The Soaring Of House Prices

The soaring house prices in Northern Cyprus an indicative of economic variability of the real estate market in the region. The serene island of Cyprus, nestled in the crystal-clear waters of the Mediterranean, has always been a sought-after holiday destination. Recently it has witnessed a remarkable phenomenon – an unprecedented surge in house prices that has left both residents and investors intrigued. The soaring house prices across various towns in Northern Cyprus highlight the global hyperinflations people grapple with.

Northern Cyprus’s nationwide house prices rose by a whopping 18.5% in May 2023 from a year earlier, to an average of £704 per square meter, according to the recent report released. In just 8 months of 2023, foreign home purchases in Northern Cyprus rose by a huge 15.4% to 20,104 units as compared to 6,735 units in the same period a year ago, based on figures released by TurkStat. This was the highest sales to foreign property buyers ever recorded.

Factors that led to a substantial increase in house prices, were driven by the combination of increased demand from domestic foreign buyers, limited housing supply, and an influx of expatriates seeking a tranquil lifestyle.

With the exception of the years 2019 – 2021 due to the COVID-19 pandemic. Foreign buyers continue buying property, contributing to a substantial increase in tourism and investment. As the Turkish lira (TRY) falls sharply, visitors with foreign currencies have been attracted to Nothern Cyprus. Nicosia, Famagusta, and Kyrenia are now full of visitors, and other international holidaymakers.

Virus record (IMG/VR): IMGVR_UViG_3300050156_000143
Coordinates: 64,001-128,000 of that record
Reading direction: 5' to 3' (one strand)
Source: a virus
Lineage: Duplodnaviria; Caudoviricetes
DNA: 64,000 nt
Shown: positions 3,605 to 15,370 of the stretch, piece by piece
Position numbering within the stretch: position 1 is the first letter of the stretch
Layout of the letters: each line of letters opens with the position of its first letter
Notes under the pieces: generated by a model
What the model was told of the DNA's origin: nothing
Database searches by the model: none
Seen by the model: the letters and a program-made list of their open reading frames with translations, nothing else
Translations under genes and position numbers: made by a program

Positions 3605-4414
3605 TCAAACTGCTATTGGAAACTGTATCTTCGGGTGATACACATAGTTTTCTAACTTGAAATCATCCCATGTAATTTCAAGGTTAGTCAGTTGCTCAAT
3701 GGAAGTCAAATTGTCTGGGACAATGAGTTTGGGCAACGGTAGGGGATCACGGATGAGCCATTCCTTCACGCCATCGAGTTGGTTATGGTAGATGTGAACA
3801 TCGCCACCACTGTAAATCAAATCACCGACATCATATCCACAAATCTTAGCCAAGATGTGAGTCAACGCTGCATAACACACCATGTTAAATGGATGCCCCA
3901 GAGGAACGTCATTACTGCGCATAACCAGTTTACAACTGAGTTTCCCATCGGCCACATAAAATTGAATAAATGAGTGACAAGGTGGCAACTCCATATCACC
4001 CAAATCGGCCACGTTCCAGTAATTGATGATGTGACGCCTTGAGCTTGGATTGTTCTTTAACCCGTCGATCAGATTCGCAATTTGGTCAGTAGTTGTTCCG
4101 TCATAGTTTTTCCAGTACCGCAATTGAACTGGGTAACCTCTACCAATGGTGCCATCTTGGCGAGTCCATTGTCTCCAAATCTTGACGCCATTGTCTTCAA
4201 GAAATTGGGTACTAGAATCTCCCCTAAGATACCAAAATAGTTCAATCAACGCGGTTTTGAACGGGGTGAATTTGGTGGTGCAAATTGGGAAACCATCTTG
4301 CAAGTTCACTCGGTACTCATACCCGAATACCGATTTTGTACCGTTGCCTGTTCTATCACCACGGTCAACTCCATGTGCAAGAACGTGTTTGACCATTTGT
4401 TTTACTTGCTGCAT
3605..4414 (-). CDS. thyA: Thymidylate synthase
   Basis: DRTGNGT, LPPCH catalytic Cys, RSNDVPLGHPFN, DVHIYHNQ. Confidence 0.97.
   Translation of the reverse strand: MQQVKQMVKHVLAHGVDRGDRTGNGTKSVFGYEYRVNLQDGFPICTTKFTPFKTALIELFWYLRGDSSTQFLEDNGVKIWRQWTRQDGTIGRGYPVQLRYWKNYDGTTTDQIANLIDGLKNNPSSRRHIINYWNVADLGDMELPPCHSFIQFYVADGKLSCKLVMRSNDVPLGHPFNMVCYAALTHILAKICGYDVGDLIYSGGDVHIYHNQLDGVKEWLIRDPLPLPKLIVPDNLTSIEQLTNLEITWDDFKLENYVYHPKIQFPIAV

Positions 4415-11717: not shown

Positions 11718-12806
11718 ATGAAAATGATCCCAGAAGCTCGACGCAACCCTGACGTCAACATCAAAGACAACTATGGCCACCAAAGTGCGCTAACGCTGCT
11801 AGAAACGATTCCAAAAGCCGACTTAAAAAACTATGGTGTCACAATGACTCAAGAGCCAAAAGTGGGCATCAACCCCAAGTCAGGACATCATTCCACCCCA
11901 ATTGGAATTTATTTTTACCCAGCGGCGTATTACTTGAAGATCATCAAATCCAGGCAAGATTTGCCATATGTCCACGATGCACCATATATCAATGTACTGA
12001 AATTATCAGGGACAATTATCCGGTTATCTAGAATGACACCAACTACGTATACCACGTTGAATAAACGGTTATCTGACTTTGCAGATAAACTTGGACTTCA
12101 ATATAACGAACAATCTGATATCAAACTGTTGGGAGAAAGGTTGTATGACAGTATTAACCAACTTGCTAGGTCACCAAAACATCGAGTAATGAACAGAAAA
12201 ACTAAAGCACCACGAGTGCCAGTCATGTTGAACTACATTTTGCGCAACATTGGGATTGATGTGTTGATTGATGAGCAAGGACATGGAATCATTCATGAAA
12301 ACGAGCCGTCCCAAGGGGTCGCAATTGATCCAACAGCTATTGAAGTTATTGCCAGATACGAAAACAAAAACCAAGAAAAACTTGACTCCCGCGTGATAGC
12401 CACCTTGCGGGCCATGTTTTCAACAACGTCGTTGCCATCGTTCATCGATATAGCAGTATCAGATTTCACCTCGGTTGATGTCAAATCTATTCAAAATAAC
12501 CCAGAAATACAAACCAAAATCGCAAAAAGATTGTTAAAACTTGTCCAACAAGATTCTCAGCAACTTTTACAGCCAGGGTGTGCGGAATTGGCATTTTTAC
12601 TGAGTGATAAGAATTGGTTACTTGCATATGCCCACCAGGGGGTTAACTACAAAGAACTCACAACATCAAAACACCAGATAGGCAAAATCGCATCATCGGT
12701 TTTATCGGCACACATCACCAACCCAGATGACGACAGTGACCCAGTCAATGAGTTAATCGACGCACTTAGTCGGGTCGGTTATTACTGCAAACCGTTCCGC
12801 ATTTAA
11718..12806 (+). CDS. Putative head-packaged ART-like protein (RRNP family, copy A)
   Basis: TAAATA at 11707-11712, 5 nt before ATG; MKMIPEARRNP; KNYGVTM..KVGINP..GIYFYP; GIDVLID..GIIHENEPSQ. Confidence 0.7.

Between 2021 and 2023, foreign purchases have more than doubled from 10,391 units to about 20,576 units. Russians, Arabic, British, Germans, and Scandinavians accounted for almost of the total foreign purchases during the stated period. The people from Turkey, the mainland who feel culturally close to the country have also contributed significantly to property purchases in the Turkish Republic of Northern Cyprus (TRNC).

The main factors that led a substantial increase of house prices caused by an influx of expatriates.
The main factor that led to a substantial increase in house prices was an influx of expatriates.

Tens of thousands of foreigners have successfully acquired properties in the Turkish Republic of Northern Cyprus, most notably in the Kyrenia, Nicosia, and Famagusta regions, the major finance and tourist hubs of the island. The regulation easing requirements and foreign investment incentives introduced by the government for foreigners to acquire permanent residence via property investment, and the VAT exemption for foreigners as well as the volatility in the local currency lira against other international currencies helped spur sales.

In the capital city of Nicosia, the average house price rose by a significant 12.3% during the year, reaching an average of TRY 14,520 (1,324 GBP) per square meter (sq. m.). Adjusted for economic conditions, house prices increased by 6.8% year-on-year.